Northeast boys soccer coach Sam Feldman, who will retire at the end of the school year, is hoping to win his second soccer title at the school. TIMES FILE PHOTO
Soon enough, Sam Feldman’s time at Northeast High School will come to an end.
Having made his decision to retire at the end of the school year, Feldman, who has been at Northeast since 1997 and the boys soccer and baseball coach since the 2002–03 seasons, is prepared to walk away after decades of a fulfilling career as an educator.
But what will he do with the extra down time?
“This past weekend, I went to see my two granddaughters, ages 2 and 4,” Feldman said on Friday afternoon while his soccer team prepared for the Public League quarterfinals. “We played a lot of Simon Says, Seven Up, Duck-Duck-Goose and Huckle Buckle Beanstalk. My son and my daughter-in-law love watching me be a gym teacher with them. That’s what I do, and who I am.”
While Feldman’s wife has questioned his decision to retire, (“She thinks it’s a mistake, me leaving,” he said. “She doesn’t think I’ll be good on my own.”) he’s at peace with the choice. With his spring baseball team not expected to be a championship contender, Feldman’s last shot at glory may rest with his Viking soccer team, a group that lost just one game all season. George Washington (3–3 tie) and Franklin Towne Charter (3–0 loss) are the only teams Northeast failed to beat this year, and those teams are right there at the top of the standings chasing the same goal.
Feldman, whose lone championship at the school came with the 2007 soccer team, has guided the Vikings to two straight title games, both heartbreaking losses at the hands of Washington and Bartram. He doesn’t want history to repeat itself.
“I don’t want to win it for me,” he said. “I want to win it for them. Last year, losing in the championship to Washington, watching them cry in the locker room. They didn’t want to leave at the end of the night. I can still remember it…”
Feldman’s voice trailed off, his voice cracking with emotion. He is very much a man at the end of his coaching road, and he recognizes that. But even with retirement looming, he knows he’ll always be a part of the Northeast family, simply because he won’t be able to stay away.
“I can’t just walk away,” he said. “Ninety percent of the guys from my championship team are my friends on Facebook. I try to keep up the best I can, seeing them get married and have kids. It’s good stuff.”
And if Feldman wants to win one final championship for his players, then the feeling is certainly mutual.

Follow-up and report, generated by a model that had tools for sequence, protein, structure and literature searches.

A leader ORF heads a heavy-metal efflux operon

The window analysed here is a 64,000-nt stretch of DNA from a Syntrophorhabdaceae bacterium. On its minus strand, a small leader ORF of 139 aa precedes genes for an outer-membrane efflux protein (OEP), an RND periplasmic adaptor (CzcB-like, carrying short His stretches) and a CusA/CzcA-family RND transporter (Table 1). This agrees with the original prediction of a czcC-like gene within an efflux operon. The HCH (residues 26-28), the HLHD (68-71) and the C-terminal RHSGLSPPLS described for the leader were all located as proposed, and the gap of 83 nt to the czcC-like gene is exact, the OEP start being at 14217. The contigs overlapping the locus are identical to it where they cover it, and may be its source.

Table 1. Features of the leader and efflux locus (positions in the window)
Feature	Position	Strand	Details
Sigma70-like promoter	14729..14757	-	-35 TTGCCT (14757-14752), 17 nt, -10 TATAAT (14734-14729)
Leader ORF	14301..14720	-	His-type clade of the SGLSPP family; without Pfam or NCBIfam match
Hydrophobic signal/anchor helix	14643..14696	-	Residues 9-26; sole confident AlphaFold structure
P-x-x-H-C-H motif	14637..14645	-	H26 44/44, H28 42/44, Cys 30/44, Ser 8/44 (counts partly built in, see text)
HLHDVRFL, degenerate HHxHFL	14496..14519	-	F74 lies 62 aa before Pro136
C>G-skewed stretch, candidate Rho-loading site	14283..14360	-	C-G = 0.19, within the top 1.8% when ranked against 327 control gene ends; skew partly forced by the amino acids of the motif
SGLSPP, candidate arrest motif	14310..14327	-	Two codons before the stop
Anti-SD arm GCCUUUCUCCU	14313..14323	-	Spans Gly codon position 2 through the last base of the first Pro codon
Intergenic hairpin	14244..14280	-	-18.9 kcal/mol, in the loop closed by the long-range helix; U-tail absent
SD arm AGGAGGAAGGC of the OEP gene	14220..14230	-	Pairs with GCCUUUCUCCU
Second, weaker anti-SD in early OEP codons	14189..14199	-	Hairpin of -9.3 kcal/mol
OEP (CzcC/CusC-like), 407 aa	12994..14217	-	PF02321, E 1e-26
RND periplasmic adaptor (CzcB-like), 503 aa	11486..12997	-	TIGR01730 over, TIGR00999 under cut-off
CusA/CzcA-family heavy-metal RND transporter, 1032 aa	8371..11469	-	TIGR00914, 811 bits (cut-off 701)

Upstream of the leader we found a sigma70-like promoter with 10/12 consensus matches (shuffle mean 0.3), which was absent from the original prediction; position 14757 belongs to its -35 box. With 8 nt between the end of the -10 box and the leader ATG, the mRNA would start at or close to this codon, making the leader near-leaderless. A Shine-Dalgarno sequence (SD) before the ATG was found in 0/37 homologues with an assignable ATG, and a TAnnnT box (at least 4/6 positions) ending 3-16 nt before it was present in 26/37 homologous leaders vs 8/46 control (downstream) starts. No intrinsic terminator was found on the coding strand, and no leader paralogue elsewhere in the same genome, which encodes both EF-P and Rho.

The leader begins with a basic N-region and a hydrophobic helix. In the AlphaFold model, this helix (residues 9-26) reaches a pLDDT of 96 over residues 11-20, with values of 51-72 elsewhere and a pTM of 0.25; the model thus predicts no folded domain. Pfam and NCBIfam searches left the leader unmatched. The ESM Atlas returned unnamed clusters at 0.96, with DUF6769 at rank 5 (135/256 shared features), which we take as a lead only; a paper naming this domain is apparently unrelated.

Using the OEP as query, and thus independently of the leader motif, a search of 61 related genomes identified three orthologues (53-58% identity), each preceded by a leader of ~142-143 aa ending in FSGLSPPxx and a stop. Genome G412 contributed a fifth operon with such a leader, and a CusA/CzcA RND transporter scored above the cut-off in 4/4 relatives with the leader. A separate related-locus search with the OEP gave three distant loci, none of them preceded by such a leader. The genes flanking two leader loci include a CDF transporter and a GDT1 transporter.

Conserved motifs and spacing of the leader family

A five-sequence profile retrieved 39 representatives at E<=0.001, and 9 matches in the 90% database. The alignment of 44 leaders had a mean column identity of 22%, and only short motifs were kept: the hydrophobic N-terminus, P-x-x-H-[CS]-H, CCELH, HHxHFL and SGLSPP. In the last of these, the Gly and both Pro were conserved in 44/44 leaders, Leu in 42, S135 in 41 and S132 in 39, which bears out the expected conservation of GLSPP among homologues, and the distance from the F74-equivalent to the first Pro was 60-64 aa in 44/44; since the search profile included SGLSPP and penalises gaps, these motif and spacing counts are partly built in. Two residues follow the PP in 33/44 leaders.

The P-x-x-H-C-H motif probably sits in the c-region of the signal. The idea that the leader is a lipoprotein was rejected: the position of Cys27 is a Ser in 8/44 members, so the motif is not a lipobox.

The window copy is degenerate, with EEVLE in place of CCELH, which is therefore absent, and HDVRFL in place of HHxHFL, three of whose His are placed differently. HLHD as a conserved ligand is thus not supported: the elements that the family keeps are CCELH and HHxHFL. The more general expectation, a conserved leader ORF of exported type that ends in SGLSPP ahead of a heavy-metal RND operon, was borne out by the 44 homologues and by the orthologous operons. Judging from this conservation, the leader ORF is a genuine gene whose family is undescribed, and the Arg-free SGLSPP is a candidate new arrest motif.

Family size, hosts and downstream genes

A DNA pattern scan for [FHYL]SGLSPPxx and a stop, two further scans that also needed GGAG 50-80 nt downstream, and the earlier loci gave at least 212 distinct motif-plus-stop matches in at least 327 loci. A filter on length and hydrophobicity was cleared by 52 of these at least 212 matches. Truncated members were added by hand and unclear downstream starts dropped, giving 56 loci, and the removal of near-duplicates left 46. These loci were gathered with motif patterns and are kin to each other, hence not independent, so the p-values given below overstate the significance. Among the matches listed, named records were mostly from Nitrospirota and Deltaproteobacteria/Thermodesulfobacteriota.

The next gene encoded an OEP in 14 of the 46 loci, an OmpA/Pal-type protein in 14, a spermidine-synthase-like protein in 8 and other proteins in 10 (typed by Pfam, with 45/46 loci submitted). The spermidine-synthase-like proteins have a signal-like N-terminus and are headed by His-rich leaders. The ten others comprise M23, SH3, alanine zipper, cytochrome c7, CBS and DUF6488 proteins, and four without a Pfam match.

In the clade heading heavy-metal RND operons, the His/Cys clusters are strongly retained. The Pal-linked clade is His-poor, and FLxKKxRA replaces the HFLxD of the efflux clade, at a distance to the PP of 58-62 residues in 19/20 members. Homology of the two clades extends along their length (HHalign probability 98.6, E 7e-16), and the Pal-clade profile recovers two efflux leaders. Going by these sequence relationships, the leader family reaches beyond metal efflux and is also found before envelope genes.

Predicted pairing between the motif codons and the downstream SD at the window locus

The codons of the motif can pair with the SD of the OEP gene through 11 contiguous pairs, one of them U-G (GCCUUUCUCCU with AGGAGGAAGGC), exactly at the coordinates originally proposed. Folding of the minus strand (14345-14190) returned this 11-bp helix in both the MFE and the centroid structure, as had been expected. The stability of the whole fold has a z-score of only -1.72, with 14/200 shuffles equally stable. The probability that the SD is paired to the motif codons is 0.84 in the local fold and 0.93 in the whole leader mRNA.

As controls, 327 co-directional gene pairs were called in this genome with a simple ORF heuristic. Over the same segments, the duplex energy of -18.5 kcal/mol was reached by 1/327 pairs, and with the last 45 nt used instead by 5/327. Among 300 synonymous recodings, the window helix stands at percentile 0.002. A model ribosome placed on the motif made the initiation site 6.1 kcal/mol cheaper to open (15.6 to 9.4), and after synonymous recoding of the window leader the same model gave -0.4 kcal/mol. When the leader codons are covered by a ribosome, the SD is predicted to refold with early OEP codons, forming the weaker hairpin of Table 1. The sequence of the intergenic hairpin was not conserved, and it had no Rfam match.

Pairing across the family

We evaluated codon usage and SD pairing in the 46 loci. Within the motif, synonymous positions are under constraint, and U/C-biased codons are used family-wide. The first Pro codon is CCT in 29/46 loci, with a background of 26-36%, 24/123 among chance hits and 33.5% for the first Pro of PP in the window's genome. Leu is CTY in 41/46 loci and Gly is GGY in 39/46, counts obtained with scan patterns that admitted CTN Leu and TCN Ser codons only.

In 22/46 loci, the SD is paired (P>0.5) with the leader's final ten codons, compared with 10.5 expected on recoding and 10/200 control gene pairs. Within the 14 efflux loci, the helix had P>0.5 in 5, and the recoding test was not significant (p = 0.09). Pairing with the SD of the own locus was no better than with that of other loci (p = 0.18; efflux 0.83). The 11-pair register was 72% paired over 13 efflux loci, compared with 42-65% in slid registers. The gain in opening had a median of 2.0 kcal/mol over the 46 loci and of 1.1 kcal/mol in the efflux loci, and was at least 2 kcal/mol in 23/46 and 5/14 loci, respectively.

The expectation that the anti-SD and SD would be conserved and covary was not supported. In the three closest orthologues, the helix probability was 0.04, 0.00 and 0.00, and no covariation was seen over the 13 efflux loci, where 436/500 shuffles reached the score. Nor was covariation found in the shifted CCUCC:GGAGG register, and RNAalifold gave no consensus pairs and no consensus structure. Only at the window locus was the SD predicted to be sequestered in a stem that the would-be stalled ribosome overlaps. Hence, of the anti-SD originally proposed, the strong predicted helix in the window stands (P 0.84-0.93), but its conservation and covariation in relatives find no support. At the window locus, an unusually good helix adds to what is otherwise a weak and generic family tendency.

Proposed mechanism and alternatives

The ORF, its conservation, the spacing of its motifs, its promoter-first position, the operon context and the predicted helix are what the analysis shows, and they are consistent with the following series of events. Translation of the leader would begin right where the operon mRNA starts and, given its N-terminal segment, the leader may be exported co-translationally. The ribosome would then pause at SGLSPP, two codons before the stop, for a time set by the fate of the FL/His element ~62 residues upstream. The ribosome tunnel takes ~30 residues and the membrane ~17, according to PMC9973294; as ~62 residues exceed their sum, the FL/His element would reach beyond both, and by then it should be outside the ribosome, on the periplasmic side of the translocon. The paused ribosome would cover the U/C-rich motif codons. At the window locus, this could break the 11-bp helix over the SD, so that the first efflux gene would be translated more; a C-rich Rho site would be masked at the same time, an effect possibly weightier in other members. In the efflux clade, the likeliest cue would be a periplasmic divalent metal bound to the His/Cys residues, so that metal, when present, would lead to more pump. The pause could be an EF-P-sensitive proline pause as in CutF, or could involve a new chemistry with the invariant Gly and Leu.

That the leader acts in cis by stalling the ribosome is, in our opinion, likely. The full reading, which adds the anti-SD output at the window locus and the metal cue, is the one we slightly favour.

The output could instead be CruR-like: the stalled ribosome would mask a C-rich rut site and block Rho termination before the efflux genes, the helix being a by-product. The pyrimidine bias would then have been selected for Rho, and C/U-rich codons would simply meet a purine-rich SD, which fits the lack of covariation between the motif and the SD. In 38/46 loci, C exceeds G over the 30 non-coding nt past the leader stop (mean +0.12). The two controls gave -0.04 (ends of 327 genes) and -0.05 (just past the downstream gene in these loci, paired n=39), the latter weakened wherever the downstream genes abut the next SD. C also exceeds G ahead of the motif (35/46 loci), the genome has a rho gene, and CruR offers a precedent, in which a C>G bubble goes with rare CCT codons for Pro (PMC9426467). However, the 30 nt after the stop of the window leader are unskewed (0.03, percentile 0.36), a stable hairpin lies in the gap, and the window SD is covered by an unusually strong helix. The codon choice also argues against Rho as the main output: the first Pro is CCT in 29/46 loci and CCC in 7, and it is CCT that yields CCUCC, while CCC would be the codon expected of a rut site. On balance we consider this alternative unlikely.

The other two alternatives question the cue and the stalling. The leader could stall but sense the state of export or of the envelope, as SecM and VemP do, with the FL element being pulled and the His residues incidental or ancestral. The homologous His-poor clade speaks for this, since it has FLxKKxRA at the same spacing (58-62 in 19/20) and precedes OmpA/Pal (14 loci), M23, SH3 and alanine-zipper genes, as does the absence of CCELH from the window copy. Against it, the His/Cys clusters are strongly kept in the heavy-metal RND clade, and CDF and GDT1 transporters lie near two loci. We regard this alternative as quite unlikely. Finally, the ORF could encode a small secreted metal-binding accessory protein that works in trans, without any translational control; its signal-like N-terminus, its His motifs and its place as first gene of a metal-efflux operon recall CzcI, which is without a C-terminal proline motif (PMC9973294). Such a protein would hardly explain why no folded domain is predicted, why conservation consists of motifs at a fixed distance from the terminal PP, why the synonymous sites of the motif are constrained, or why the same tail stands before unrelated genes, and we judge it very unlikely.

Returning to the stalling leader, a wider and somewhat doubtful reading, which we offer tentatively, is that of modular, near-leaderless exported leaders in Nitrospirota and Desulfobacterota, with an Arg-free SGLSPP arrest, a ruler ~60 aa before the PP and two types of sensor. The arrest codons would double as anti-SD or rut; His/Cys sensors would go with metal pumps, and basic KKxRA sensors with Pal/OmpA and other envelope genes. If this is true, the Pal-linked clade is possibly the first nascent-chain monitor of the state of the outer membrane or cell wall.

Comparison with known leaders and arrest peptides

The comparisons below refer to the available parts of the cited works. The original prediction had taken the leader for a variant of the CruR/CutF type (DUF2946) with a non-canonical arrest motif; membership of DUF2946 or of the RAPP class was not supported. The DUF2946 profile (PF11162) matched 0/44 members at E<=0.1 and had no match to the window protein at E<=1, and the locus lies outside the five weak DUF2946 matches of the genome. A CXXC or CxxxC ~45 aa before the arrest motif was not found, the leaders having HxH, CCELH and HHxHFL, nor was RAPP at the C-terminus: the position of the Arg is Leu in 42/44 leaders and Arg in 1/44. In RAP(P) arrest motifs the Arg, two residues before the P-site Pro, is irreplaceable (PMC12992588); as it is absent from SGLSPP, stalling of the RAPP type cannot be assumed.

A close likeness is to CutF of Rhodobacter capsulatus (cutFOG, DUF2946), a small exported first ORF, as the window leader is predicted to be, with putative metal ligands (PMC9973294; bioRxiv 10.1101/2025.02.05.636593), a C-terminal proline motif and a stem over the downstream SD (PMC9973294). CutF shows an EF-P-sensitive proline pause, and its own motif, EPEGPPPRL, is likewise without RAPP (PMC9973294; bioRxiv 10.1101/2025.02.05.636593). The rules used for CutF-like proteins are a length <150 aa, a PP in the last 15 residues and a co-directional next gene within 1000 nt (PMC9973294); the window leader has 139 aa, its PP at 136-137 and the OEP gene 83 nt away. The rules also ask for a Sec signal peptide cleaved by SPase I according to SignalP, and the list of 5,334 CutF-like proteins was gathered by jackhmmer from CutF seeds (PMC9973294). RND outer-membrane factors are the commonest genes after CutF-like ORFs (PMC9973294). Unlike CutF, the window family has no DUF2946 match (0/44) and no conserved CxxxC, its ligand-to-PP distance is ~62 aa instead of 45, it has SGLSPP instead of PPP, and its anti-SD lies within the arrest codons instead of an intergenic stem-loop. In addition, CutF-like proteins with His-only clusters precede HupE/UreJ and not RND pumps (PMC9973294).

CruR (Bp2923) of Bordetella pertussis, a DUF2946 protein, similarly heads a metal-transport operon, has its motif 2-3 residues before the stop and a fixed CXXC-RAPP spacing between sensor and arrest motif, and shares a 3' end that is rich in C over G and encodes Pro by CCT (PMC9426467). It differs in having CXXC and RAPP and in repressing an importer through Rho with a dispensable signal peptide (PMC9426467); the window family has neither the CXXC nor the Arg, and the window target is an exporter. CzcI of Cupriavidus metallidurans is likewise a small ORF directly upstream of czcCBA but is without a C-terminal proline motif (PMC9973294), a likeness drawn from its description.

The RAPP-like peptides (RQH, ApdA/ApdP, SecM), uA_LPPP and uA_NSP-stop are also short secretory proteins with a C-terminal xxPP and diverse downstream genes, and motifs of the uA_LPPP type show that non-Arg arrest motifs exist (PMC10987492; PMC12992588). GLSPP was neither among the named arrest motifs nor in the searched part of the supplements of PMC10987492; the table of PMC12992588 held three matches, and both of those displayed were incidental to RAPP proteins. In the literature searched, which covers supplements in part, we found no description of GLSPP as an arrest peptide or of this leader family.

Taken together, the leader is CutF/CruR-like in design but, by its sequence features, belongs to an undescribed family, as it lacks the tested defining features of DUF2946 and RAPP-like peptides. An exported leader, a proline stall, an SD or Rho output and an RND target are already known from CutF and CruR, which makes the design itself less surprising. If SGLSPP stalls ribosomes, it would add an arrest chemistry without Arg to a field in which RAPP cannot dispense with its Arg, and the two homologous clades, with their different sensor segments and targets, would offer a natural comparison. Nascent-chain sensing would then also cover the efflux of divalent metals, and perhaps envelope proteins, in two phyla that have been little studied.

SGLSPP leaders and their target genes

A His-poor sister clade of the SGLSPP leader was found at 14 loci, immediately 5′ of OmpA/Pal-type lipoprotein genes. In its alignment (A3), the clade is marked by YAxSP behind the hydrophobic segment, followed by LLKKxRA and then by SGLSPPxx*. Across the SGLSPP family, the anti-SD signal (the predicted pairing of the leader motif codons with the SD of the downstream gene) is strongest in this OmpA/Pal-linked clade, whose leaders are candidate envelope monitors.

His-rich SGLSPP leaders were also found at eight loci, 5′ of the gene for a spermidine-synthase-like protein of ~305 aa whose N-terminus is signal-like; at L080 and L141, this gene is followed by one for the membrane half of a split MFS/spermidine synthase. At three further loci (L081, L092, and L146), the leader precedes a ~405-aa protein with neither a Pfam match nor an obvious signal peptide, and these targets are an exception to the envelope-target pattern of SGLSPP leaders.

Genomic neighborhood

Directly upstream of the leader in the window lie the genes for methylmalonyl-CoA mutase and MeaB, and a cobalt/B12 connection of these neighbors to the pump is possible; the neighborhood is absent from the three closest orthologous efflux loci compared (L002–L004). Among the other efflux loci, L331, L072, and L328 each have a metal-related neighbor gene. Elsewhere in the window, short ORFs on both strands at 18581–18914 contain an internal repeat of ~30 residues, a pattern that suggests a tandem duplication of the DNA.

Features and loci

“It’s his last year, and he deserves it,” senior captain Chris Black said. “We brought him there two years in a row, and now it’s our last shot. We want to finish it for him.”
“We want to do this for him,” added junior captain George Chavez. “In the championship losses, he felt the pain in our eyes. Those tears mean a lot to him. We want the tears, but happy ones this time. He’s not selfish. He wants this for us.”
Feldman is especially fond of this particular group, one that has never griped about going to work each and every day.
“Unlike some groups in the past, they’re very bright and fun to be around,” he said with a deep sigh in his voice. “They love to work. They get along. It makes my job more enjoyable to see that. Winning a championship, if that could make all the difference in the world to even one of them, it’d be worth it.”
Over the course of a long, reflective conversation, Feldman discussed some of his fondest soccer memories as a player and a coach. He told the story of winning a high school state championship in 1971 and how it has stuck with him to this day, more than 40 years later.
“The reality is, that one day got me here today in a lot of respects,” he said. “I want that for these guys.”
The road certainly won’t be easy. Northeast finished with a 9–1–1 record, the same as Washington and Towne. By way of a tie-breaking coin flip, Northeast has to travel to Simon Gratz High School for the quarterfinals, while Washington and Towne play their first games at Northeast as the top two seeds. A win by both Northeast and Washington in the quarters would set up a rematch of their Oct. 10 game; in that contest, the Vikings spotted the Eagles an early 3–0 lead before frantically fighting back for a 3–3 tie, highlighted by two goals from Black. (Editor’s note: Northeast advanced to the Public League semifinals on Tuesday night with a 3–1 win over Samuel Fels.)
Feldman knows anything short of a championship will be a disappointment to him and his players; that said, the unselfish coach has enjoyed the precious remaining moments with his team.
“I just had my fortieth high school reunion, and forty-eight of the people I graduated with are dead,” he said. “You see some are toothless and unable to afford dental care, some got AIDS, some are all-world and very successful businesspeople. You just don’t know…”
Feldman is a man happy with where his road has led. He hopes the road ends with three more victories, as do his players who have learned so much from their caring coach.
“He’s done a lot for us,” said team leading scorer Andy Jean-Pierre. “It’s my first year on the team, but since day one he’s pushed us and made us work hard to get where we are today. He always makes us laugh. Winning and having fun are what he’s all about.”
“We have our ups and downs like anyone else,” Chavez added. “He’s been there with us through it all. That’s what makes us a team. We go through it all together.”
Black took it one step further.
“His strongest point has always been to mold us into a family,” he said. “That’s all he cares about. We’re one team … one family. I’d give anything to win this for him. And I know he would, too.” ••